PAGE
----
The objective of the study was to investigate whether depressive symptoms predict specific types of cognitive decline in order to elucidate the association between late life depression and cognitive decline. 641 elderly persons of the Longitudinal Aging Study Amsterdam aged 70-85 were examined by means of two measurement occasions over a period of three years. Depressive symptoms were assessed by means of the CES-D, and various cognitive functions were examined using neuropsychological tests. The results show that depressive symptoms were associated with decline in speed of information processing over a 3-year period, whereas there was no association between depression and increasing memory impairment or global mental deterioration. These findings suggest that depressive symptoms are associated with subcortical pathology, most probable white matter lesions.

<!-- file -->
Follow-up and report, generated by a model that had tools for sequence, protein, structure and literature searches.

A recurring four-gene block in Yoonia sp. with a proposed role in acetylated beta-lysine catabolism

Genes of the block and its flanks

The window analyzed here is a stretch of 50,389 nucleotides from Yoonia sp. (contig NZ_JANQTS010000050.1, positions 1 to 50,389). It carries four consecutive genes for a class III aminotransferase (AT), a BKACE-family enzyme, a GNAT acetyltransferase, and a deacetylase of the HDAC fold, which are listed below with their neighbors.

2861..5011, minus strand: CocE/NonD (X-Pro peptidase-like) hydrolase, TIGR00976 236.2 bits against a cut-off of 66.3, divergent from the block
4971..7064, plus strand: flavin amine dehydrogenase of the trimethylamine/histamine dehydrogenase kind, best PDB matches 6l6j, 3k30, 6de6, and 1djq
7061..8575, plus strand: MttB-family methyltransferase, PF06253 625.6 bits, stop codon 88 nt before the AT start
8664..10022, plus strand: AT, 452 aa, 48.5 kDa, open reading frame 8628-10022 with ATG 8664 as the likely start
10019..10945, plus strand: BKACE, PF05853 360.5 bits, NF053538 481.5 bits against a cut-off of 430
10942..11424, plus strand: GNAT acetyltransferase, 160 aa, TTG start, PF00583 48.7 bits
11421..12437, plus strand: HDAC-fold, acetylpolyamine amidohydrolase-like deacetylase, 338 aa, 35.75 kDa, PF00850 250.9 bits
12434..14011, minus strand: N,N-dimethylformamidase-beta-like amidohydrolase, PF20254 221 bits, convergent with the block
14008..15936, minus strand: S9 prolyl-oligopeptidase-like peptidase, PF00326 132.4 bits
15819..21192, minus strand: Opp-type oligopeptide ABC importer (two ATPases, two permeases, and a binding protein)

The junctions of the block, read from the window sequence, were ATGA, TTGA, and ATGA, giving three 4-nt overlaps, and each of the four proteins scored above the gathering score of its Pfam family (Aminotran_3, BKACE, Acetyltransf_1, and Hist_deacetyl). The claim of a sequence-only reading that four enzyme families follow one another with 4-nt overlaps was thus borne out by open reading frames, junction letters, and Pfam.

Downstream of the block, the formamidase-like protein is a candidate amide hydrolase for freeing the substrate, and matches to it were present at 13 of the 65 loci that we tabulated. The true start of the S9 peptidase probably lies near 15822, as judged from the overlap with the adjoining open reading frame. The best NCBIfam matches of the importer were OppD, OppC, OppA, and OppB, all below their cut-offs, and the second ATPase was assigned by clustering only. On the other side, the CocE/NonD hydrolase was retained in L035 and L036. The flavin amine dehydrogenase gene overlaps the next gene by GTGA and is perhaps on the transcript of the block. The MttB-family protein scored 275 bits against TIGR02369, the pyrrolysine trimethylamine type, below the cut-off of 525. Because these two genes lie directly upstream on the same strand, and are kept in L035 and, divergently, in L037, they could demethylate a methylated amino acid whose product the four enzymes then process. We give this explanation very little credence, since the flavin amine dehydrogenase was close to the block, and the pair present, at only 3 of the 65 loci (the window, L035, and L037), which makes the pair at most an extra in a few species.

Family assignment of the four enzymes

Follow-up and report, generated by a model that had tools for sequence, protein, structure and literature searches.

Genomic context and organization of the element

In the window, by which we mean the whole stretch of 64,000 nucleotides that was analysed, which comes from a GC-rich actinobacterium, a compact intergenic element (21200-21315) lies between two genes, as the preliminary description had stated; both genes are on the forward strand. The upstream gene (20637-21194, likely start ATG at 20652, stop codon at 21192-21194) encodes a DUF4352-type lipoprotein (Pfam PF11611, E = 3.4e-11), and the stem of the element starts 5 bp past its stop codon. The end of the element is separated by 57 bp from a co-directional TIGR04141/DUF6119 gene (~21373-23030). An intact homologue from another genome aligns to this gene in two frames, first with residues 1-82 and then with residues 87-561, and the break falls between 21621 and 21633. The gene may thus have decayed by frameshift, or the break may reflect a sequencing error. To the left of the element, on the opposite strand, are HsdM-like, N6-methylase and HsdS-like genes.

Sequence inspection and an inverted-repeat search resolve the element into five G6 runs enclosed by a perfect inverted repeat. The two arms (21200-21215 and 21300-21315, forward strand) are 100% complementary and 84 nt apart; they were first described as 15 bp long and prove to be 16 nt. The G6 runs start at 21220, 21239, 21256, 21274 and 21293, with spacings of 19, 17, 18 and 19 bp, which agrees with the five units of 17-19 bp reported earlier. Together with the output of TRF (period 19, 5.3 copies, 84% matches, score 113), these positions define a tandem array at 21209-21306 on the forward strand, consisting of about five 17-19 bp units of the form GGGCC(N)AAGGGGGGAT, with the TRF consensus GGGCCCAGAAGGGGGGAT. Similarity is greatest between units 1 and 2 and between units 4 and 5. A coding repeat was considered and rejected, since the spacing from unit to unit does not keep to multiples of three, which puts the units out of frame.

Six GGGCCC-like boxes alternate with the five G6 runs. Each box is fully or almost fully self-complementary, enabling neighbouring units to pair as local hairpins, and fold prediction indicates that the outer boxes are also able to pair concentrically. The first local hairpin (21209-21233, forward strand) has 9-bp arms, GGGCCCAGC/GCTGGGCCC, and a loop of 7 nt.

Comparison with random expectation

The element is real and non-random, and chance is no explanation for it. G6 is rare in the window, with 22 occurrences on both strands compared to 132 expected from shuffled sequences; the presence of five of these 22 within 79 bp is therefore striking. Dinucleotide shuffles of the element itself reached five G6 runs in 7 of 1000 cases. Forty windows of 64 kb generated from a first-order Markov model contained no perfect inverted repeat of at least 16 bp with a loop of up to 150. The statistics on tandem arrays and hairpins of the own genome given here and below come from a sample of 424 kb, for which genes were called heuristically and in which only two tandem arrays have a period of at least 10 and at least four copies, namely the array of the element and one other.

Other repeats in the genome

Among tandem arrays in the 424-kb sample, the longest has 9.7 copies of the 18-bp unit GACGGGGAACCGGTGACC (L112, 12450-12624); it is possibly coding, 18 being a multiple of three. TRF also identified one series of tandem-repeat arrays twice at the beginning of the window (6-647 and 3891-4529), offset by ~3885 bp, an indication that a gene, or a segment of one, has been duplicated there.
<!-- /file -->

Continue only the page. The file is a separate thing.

|Number of pages||5|
|Journal||Research and Practice in Alzheimer's Disease|
|Publication status||Published - 2003|